1600 CC, WAS FEATURED IN HOT VW'S MAGAZINE, BEAUTIFUL PURPLE METALLIC PAINT
Who says you can't build a resto-mod Beetle? This 1961 has the old-school look and with a few small tweaks, became the kind of car that is featured in magazines like "Hot VW." Very nicely finished, this Beetle is an affordable way to own a car that gets more than its fair share of second glances.
The metallic purple paint has a lot of pearl in it, so it varies depending on the light. In our studio, it actually looks quite subdued and even period-appropriate, but get it out in the sun and it glows from within with a lovely violet shiny that lets everyone know this isn't a garden-variety Beetle. Fit and finish are excellent particularly for a car at this price point, and while nothing was altered during the restoration, the look of the early cars have a subtly customized look relative to the later Beetles most of us are used to seeing. The headlights look larger and lower in the fenders, the parking and taillights are smaller, and the simple single-bar bumpers are almost too cool to be stock. But all of it is just how it was built more than fifty years ago. OF course, a few custom mods like the chrome running boards and modern side mirrors give it the kind of look that landed it in a magazine spread, and the overall level of finish would be just as impressive on a car costing three times as much.
This playful Bug looks awesome inside, too, with brilliant white upholstery and all of the simple charm intact. Dig the low-back seats which are originals, and their exposed tube frames have been painted white to match the seat covers. New reproduction door panels with built-in map pockets are nicely finished and black carpets keep it from being blindingly bright inside. The instrument panel was painted to match the body and it actually works quite well inside with the black and white trim. Original instrumentation includes a round speedo and a separate fuel gauge, and the original oversized wheel was replaced with a thick Grant GT helm that looks great. There's also a modern AM/FM/CD stereo to replace what was undoubtedly an AM unit, but aside from those minor changes, it remains pretty stock inside. The front luggage compartment is trimmed to match, including a white vinyl spare tire cover with the VW emblem stitched into its face.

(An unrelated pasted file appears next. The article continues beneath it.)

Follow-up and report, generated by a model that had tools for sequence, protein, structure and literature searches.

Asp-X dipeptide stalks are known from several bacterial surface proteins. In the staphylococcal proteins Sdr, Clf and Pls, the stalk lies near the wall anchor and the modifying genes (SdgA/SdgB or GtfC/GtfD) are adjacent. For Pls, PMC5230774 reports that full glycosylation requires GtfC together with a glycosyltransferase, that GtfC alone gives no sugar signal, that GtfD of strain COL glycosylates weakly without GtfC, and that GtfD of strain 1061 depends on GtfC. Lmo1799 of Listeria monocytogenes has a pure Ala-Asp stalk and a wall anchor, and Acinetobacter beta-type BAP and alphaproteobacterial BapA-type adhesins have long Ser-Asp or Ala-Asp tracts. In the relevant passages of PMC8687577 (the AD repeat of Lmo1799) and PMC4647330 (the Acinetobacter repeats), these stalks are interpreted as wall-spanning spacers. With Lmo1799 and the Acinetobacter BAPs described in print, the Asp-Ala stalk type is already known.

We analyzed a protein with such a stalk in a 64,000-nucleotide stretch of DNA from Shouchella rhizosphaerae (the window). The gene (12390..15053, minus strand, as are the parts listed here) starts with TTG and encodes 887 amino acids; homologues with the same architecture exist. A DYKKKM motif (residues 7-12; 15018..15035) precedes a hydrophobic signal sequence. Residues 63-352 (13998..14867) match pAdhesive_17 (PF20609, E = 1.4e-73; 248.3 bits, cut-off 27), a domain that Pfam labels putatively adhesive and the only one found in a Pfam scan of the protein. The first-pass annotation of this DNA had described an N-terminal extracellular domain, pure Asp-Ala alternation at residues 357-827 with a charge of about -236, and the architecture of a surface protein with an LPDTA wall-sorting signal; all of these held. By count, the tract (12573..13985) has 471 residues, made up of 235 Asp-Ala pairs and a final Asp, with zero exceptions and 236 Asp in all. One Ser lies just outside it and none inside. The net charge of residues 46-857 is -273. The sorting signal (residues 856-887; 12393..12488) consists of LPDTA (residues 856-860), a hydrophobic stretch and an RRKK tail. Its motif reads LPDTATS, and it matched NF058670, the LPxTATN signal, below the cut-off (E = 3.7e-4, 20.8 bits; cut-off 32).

The 1600 cc air-cooled flat-four remains one of the most reliable machines ever devised by man. Its distinctive sound and peppy attitude make it a favorite, and in this lightweight early Bug, performance is energetic. You know the show-quality looks continue to the engine bay, where a lot of body-colored pieces, polished aluminum, and fresh componentry makes for a show-worthy engine bay. There's nothing terribly radical going on, but VW experts will see a few common and sensible mods to enhance the experience. It still drives through the original 4-speed manual transmission, whose shift action is best mastered over time. It's extremely clean underneath, not quite as detailed as the rest of the car, but that also means you won't be afraid to drive it. There might be a slight lowering job here, it's hard to say, and the polished VW-style Torque Thrust wheels are a great addition and wear staggered 195/65/15 front and 215/60/15 rear Kelly radials.
Bugs are still a lot of fun for not a lot of cash, and there's just no possible way you could duplicate this car for the asking price. Call today!
- AM/FM Radio
- CD Player
- Seatbelts (Front)
- Seatbelts (Rear)
- Vinyl Interior
- Build Receipts
- Engine Type
- Body Style
- Seating Type
- Seat Material
- Shifter Type
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